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Summary: By means of super vision we can see beyond man made parameters and behold the identity we have in Christ.

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“Super Vision Supervision”

When we are young, most of us have our super heroes. I can still remember the names of many of mine. Duke Snider, Gil Hodges, and Roy Campenella to name a few. All three of these guys were sluggers for the Old Brooklyn Dodgers baseball team. They were bigger than life to me because I believed in them. They could turn a bad situation into something really wonderful.

I remember one time when the Dodgers were behind something like 8 to 0 and it was late in the ball game. These three guys (along with their teammates) started hitting the ball and after the dust had settled, the Dodgers turned the whole situation around and won the ball game. I know because I was there.

No, I wasn’t in the ball park. I was several hundred miles away sitting near a little brown box in my humble West Virginia home. But I was still there. With my super vision, I could see everything that was happening. There in my box office seat I sat wringing my hands and against all odds started to believe in a miracle. I believed in a miracle and I got one.

I was convinced then and I am still convinced today, I had something to do with that baseball miracle. My heroes won the game because I believed in them. They turned the situation completely around because I held my mouth just right and in my mind I visioned it all happening. My Dodgers and I, we were a team, with super vision. We saw beyond a bad situation and together we effected a positive result.

Christians need to have super vision. Many of the early disciples had super vision and they saw miracles happen. Something strange occurs, however, in our narrative for today. Jesus had been effecting miracles everywhere he went. Last Sunday we read about Jesus turning water into wine at a wedding. That was his first miracle. But he did many others. Some are recorded in the Bible. The majority of his miracles are not recorded in the Bible. One gospel writer says that if we had all the books in the world, they couldn’t contain all the great things which Jesus, did.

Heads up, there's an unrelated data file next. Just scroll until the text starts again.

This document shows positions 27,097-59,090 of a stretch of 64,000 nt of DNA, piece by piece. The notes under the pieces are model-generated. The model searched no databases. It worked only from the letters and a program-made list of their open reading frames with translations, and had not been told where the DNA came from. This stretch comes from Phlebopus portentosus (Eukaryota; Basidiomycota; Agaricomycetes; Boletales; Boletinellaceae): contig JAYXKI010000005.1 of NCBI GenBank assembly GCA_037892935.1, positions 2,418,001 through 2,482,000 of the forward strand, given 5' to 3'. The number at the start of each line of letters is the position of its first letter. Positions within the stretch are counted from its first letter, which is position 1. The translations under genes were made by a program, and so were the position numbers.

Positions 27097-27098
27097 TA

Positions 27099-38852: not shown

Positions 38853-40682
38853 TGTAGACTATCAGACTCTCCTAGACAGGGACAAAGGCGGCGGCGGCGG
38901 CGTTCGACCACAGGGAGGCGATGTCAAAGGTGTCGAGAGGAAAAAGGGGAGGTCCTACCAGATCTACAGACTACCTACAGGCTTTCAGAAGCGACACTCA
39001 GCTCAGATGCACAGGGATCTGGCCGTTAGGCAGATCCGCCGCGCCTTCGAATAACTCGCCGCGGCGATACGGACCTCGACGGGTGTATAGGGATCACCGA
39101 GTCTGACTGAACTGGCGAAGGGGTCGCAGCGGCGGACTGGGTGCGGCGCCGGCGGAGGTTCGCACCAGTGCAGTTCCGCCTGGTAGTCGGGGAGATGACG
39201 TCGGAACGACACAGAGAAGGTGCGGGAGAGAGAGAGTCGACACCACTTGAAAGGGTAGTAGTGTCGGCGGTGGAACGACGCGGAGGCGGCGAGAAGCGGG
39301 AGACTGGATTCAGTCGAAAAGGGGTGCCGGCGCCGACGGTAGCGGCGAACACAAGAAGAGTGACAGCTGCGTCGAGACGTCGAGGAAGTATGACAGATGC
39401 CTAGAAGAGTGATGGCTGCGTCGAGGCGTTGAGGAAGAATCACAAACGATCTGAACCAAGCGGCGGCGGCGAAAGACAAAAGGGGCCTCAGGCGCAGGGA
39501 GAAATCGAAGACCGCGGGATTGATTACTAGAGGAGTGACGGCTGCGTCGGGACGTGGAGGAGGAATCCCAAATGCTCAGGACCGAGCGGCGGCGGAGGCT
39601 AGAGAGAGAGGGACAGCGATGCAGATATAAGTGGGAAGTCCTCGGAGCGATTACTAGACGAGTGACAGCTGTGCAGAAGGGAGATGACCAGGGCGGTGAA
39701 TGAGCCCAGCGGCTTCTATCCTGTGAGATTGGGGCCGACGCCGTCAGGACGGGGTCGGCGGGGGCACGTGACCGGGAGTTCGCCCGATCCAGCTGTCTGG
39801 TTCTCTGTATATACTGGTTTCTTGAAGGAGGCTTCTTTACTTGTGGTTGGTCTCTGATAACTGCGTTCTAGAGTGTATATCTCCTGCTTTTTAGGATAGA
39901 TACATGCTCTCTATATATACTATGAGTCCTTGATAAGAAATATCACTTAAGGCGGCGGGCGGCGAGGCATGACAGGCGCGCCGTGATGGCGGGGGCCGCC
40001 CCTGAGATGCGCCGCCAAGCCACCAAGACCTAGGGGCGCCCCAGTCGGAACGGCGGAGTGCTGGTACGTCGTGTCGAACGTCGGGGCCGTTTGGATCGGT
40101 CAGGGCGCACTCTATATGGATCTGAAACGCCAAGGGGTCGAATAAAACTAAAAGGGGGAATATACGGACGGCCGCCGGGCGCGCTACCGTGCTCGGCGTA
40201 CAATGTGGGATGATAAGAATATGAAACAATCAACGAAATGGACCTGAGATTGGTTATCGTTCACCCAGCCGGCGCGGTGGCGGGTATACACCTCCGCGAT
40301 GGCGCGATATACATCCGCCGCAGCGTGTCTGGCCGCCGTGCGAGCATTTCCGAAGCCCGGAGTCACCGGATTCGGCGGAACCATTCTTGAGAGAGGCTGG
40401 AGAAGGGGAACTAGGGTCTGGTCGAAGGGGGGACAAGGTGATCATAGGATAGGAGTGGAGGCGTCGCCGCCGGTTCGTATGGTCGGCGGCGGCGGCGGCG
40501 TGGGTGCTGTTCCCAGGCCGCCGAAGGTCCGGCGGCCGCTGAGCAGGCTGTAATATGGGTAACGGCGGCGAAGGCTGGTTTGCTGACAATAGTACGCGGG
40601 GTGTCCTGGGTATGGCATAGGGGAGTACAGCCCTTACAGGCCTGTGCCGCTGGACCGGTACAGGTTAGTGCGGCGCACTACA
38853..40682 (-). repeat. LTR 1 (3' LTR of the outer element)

And yet in our text today, Jesus miracle working power comes to a screeching halt. The greatest, most powerful man in all the world, was greatly hindered in the town of Nazareth. It seems ironic that in his own home town, Jesus loses the hometown advantage.

Another great man, President Franklin D. Roosevelt, said, “It is hard to lead, when you look over your shoulder and there isn’t anyone there.” Well, that is what happens to Jesus. He comes to his own home town, and he looks over his shoulder and there isn’t anyone there. Well, that isn’t exactly right. There are actually many people there, but they are not there for him. They don’t have faith in him. They have lost their super vision and they can’t see beyond Jesus’ carpenter’s garb.

Jesus was the greatest man who ever lived and yet he could do very little without the super vision of those around him.

Now if the greatest man who ever lived was held back by the lack of super vision, don’t you think that the same missing ingredient will impact the success or failure of you and me who fall dramatically short of our Lord Jesus Christ. Of course it will.

Now, how is it that the people of Nazareth lose their super vision. I think it is obvious. Familiarity breeds contempt. Jesus is too familiar with the people of Nazareth. Consequently, they see Jesus through eyes of contempt.

Jesus was a carpenter. His father was a carpenter before him. Chances are his grandfather and his great grandfather were carpenters. That was the way of the culture. Your identity was defined by your trade and the character of the family which nurtured you. Beyond those occupational and familial parameters you simply could not go. That was the mind set of the times. So, when Jesus (the carpenter) returns as, Jesus (the preacher/miracle worker) they just can’t see it.

Now what does this story have to do with us? Well, it has everything to do with us. Nazareth was a small town. And we are a small church. Just as the small town thinking of Nazareth effected the dynamics of Jesus ministry, the small church thinking of Norview can effect our ministry. Our small church thinking can begin to draw sharp boundaries around each of our identities; our individual identities and, yes, even our identity as a community.

For example you may see Bob Walker as the electrician, and become too comfortable with that identity. So one day he slips into the pulpit and begins the expound the Word. And you just turn your head and say, “Nah, that is Bob Walker, the electrician. He aint no preacher.” You realize I trying to give you illustrations of how we can limit the power of a church by becoming too familiar with the roles we play. Now we all know that Mel Green is an accountant, and a good one at that. We appreciate that role. But what if one day, Mel walked in the church wearing blue jeans and carrying his hammer and saw. Most of us would be inclined to say, “Nah, that can’t be. That is Mel Green, the accountant, he’s not a carpenter.”

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